We are tracking a slow but very steady increase in the number of earthquakes at Grimsvotn. In August 2019 we saw the highest monthly earthquake rate since the last eruption in 2011. A steady and persistent increase in earthquake activity is usually one of the main signs that a volcano is slowly getting close to an eruption. The graphic below shows the earthquake rate over time, produced by the Icelandic Met Office (IMO).

But, earthquake numbers only tell us only one part of the story. Sometimes it is more important to look at the earthquake power and energy release. Two or three strong earthquakes can have a bigger impact than 10 smaller ones. The plot below by IMO, shows the earthquake energy release at Grimsvotn, and it is fairly simple to read. We see that a certain amount of energy release has to be reached, for Grimsvotn to start an eruption. That is directly related to the pressure increase in the volcano. We are slowly getting close to the eruptive values. The trend has increased lately, and with stronger earthquakes and more pressure in the volcano, it is possible for Grimsvotn to erupt within the next 4-12 months.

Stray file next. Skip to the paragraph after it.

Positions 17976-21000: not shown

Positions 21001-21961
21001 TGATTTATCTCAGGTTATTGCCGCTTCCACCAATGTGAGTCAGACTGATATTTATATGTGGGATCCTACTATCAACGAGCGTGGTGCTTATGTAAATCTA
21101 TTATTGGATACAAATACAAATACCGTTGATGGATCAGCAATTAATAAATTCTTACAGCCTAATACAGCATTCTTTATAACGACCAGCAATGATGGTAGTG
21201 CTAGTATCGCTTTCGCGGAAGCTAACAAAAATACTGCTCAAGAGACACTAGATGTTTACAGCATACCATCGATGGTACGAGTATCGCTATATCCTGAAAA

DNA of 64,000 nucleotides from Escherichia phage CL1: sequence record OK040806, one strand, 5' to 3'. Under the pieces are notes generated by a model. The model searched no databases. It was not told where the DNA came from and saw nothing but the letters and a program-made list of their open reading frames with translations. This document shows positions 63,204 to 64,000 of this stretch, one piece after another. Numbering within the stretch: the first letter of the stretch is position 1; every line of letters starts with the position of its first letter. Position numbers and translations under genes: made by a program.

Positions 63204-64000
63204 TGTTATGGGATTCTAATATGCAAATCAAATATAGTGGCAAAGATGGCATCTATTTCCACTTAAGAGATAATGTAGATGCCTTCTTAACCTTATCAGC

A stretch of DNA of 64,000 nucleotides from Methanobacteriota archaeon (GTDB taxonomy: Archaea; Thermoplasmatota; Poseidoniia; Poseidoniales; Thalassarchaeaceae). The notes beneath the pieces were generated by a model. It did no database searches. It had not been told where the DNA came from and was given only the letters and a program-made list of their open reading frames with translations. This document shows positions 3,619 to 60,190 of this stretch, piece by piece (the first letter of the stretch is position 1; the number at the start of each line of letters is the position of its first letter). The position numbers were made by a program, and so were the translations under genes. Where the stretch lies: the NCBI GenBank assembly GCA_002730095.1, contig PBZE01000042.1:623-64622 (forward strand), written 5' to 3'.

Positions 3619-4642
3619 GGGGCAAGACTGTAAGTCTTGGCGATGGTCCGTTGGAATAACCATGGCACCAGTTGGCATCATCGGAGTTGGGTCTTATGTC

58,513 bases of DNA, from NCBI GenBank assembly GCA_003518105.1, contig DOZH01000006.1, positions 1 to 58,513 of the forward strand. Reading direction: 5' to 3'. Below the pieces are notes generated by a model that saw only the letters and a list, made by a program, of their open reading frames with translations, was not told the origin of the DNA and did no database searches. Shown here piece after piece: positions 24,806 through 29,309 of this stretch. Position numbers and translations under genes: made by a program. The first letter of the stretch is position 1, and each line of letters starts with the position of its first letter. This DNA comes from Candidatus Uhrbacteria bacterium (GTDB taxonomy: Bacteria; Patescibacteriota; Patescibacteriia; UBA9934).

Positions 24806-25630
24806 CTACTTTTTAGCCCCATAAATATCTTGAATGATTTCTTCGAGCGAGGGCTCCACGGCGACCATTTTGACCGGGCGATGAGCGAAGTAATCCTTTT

But to be more certain, we also need to look at ground movement around the volcano. We need to find signs that earthquakes are being caused by the fresh hot magma that is entering the volcanic system underground, accumulating there and increasing the pressure in the volcano. Kinda like inflating a balloon until it explodes. The process of accumulating magma and ground deformation is called inflation (like a balloon). Grimsvotn is one of the most steady inflating volcanoes in Iceland, as seen on the monitoring equipment. As it lies very close to the center of the Icelandic plume, it has a constant feed of fresh material into its magmatic system. The plot below from IMO, shows the data from a GPS station at Grimsvotn, which is monitoring the ground movement. What is most important here is the very bottom graph, which shows the ground moving up or down. We can see that since the last eruption in 2011, the ground at Grimsvotn has raised for more than 40 cm! That is due to the magma accumulating under the volcano and causing enough pressure to push the ground up. It is a normal occurrence at most volcanoes that are getting ready to erupt, but the amplitudes can vary greatly from one volcano to another. What is just normal inflation for one volcano, can be very significant for another. There is no rule that would tell us how much a volcano has to inflate before it erupts. 

Grimsvotn is a very likely candidate to have a large explosive eruption in the near future. It is powerful enough to have an effect on Europe and all around the Northern Hemisphere, as history teaches us. We will keep a close eye on Grimsvotn and all the volcanoes in Iceland, informing you of any significant development.

 

The official agency in Iceland for monitoring volcanoes, is the Icelandic Meteorological Office (IMO), where you can find live data, additional information, and all official warnings.